USC drew ohs and ahs last year with an innovative attack variously described as a "vertical offense" and a "hi-lo passing game." It tied up the defense and freed the bustling Trojans for close-in, uncontested shots. Sometimes the team appeared not to be taking enough of these freebies, but it wound up setting school records for field-goal percentage and, more important, total baskets. The Trojans' shooting percentage went up seven points to 50.2, with Gus Williams increasing his accuracy by five points, John Lambert by 12 and Bob Trowbridge and Biff Burrell by 16 apiece. Even Clint Chapman, who had an awful season of bruised knees, weight problems and deficient scoring, shot better than he did the previous winter. Except for junior Trowbridge, this group is USC's terrific freshman class of 1971 all grown up. It defeated UCLA twice as frosh, but did not come close during the Walton years. Already it is being called "The Last Chance Club."
If the 6'10" Lambert, a handsome devil whom Boyd calls, "My North Carolina-type forward," can shake a tendency to follow good Friday performances with Saturday blahs, and 6'9" Chapman can play back to his sophomore level, USC will be solid and active in close to the basket. It will be better in backcourt where Burrell, recovered from a broken foot that kept him out of the last eight games a year ago, and the exciting Gus Williams complement each other well. Burrell is an inspirational sort and a terror on defense, while Williams handles scoring (16 points a game) and assists (a total of 141 last year).
Trowbridge will need his impressive muscles to beat off the challenge of 6'7" freshman Earl (The Whirl) Evans, who could start anywhere and just might here. But it is no disgrace to be a substitute at USC. Boyd wants to use 12 men in every game and he has the bench to do it, including 6'10" freshman Steve Malovic, who was Arizona's high school player of the year. The Trojans are deep, experienced and very dangerous. They know this is their last chance.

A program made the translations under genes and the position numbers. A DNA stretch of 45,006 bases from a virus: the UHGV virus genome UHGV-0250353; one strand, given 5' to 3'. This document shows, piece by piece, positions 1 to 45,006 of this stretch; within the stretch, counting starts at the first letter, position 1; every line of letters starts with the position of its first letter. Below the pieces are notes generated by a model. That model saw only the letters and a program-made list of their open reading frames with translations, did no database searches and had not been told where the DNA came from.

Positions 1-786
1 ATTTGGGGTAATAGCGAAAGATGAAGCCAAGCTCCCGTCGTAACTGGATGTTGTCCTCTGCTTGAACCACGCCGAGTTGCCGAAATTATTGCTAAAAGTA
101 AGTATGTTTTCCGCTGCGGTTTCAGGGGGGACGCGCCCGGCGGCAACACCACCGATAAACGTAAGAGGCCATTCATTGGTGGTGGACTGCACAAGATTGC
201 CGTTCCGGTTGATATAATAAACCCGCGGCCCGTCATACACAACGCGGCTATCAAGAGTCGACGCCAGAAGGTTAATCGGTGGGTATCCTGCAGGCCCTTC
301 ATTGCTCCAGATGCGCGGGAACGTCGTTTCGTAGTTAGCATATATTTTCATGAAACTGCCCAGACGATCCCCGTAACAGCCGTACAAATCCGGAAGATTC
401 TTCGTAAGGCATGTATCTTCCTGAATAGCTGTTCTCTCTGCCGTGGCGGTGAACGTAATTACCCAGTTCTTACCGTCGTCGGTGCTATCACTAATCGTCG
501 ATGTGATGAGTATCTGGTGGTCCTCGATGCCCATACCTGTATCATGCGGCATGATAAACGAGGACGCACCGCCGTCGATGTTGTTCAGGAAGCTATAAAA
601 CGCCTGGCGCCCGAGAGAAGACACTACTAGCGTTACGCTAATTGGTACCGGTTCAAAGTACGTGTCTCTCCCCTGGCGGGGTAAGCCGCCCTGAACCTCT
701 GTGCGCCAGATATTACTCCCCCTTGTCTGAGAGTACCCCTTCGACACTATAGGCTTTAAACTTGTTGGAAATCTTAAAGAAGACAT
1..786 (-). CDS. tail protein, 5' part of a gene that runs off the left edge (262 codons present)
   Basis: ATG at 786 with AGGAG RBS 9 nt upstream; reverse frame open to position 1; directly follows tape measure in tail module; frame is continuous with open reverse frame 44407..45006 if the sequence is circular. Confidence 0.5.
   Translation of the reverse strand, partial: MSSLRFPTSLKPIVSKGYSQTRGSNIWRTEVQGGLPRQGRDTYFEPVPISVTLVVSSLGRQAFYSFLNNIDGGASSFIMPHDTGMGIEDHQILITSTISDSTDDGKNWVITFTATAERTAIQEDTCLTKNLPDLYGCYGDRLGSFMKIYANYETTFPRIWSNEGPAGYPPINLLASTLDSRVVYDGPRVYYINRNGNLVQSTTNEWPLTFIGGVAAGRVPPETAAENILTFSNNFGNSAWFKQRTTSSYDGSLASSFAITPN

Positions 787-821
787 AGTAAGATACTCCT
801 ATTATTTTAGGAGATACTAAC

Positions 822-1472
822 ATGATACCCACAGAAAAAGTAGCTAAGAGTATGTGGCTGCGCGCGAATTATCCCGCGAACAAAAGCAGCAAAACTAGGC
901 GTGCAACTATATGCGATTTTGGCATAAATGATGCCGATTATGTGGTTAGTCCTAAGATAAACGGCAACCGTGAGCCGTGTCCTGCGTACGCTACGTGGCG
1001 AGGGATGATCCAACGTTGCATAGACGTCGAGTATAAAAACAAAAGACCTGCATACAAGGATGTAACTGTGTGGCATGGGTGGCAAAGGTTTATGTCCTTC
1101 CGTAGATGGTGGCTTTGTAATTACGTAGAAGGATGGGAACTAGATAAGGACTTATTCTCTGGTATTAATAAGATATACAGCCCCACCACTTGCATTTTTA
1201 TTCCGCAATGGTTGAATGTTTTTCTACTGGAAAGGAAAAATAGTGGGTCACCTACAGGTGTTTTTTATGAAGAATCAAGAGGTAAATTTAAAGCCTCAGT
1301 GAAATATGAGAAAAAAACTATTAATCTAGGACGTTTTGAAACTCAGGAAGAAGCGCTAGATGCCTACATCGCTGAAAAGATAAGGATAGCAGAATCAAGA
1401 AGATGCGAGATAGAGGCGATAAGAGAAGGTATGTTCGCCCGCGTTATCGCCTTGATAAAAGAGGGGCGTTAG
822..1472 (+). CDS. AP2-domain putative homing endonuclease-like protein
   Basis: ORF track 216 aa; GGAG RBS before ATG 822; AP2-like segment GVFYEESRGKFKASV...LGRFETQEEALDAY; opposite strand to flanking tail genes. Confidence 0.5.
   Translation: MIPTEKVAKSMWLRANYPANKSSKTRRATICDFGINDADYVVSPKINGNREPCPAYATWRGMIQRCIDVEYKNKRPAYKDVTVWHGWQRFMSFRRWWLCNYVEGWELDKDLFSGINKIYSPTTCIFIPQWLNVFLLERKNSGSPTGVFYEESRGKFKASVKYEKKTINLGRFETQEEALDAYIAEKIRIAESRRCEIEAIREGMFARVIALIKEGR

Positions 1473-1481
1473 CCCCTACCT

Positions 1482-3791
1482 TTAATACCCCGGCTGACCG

The "e" on the end of University of Detroit Coach Dick Vitale's name is silent. That is the only thing silent about Dick Vitale. During Titan practices he sounds off with his built-in-megaphone voice: "Come on. Come on. Keep your body low. Quick. Quick. Quick. Getta good angle. Getta piece of 'im."
His whistle blows. "Freeze," Vitale yells. The Titans instantly become statues, so that their coach can walk among them and point out the error that he has spotted. "Don't penetrate without the ball because you clog the lane you want to open," he tells the offender.
Forward John Long sinks a shot, races downcourt and blocks an opponent's try. Vitale bellows, "Hey. Hey. Hey! Did you see what I saw? Goin' like gangbusters. I don't care if you are a freshman, you keep playing like that and nobody'll keep you out of the lineup."
Whistle. "Freeze." Speaking to freshman Turono Anderson, Vitale snarls, "You're not thinking defense."
Titan captain Terry Thomas says, "The coach is such a savage, but he never jams things down your throat. I've gone to five or six banquets with him and he got a standing ovation at each one. He's the most fantastic thing that's ever happened to me."
"You're not supposed to yell at kids, but they accept it from me because I've established a good relationship with them," says Vitale. "We know we can't win without love, without pulling for each other."